Having been doing sumi-e with some regularity for several years, I am finding it helpful in watercolor. Because the brush is the vehicle for watercolor, as it is in sumi-e, it is important to understand how the brush works.
Kolinsky sable watercolor brushes can be considerably stiffer than the white-haired sheep brush used in sumi-e, but much more flexible than the wolf and horse brushes, which have darker, more stiff bristles. Basically, a western watercolor brush combines both qualities in one brush, but this does not mean that it is the same at all! A good point is important for a Kolinsky round (I am using DaVinci Maestro Series 10s and Escoda Series 1212) just as it is with sumi-e brushes, as is the ability to carry water and color.
Many of the same techniques used in sumi-e can be applied to watercolor. These include brush strokes, such as increasing and decreasing pressure to change line thickness. Two or more colors may be applied to a brush, as in sumi-e when different ink intensities are applied. In Western watercolor, a brush stroke may be modified, working wet-into-wet, wet-into-dry, dry-into-wet, and glazing or layering colors. This does not work well in sumi-e, unless one is doing fine line Chinese painting.
The major differences between sumi-e and western watercolor are responsiveness of paper. Japanese and Chinese painting papers are generally much more porous than traditional Western watercolor papers. Heavily sized Asian papers are used for fine line painting, where color layers are used, and bleeding of ink, so characteristic in sumi-e, does not occur. Western watercolor papers will vary in the amount of sizing used, and this, in turn, affects the absorbent qualities of the paper. Knowing how a paper responds takes time and practice, whether in Asian painting, or Western.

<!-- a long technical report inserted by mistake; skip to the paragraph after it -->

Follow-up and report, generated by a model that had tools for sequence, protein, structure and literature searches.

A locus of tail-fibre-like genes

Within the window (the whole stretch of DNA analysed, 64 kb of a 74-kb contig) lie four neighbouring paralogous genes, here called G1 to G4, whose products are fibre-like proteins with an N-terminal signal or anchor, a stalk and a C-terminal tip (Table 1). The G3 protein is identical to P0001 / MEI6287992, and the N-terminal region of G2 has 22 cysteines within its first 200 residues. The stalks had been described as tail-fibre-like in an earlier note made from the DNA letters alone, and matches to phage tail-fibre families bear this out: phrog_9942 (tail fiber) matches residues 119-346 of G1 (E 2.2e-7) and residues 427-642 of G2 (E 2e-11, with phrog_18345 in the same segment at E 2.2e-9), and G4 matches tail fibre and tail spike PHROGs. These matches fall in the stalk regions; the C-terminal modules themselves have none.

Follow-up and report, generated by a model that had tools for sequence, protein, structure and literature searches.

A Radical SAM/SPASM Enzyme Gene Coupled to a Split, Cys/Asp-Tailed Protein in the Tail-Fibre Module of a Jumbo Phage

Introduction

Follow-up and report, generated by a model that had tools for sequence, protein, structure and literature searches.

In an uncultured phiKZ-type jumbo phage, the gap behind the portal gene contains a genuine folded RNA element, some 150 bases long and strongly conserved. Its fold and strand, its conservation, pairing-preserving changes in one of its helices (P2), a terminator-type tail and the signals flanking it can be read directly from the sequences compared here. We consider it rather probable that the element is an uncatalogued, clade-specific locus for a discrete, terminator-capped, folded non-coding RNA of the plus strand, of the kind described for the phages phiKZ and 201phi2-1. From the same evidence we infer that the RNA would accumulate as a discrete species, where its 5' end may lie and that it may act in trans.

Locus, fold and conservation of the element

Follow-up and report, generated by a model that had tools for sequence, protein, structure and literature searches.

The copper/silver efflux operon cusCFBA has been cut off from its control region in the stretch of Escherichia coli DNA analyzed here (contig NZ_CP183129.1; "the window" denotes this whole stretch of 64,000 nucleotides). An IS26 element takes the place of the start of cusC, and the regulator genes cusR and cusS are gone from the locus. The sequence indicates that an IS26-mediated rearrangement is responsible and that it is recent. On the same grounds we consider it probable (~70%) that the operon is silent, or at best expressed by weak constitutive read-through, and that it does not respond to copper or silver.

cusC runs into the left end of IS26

Value in sumi-e is achieved in how the brush is loaded. Ink can be very pale, and while it is still damp, darker ink may be applied to good effect. A sumi brush can also be loaded with pale ink, then a medium ink, and finally a tip or dark, or even one edge of the brush in dark ink. The stroke of the brush creates all the gradations. In watercolor, value is achieved by layering, as well as working wet-into-wet. Layering, also known as glazing, is the application of wet paint on a previously painted layer which has dried. Glazes are also built up light to dark. Wet-into-wet can be sopping wet, or in varying degrees of dampness. In some ways, wet-into-wet requires more self-discipline than glazing, which requires patience and forethought.
Each painting technique, sumi-e and watercolor, have similar techniques, as well as some which are exclusive to that medium. The key is to learn from both, and to master each.
All these paintings were based on demonstrations from Linda Stevens Moyer’s book LIght Up Your Watercolors Layer by Layer.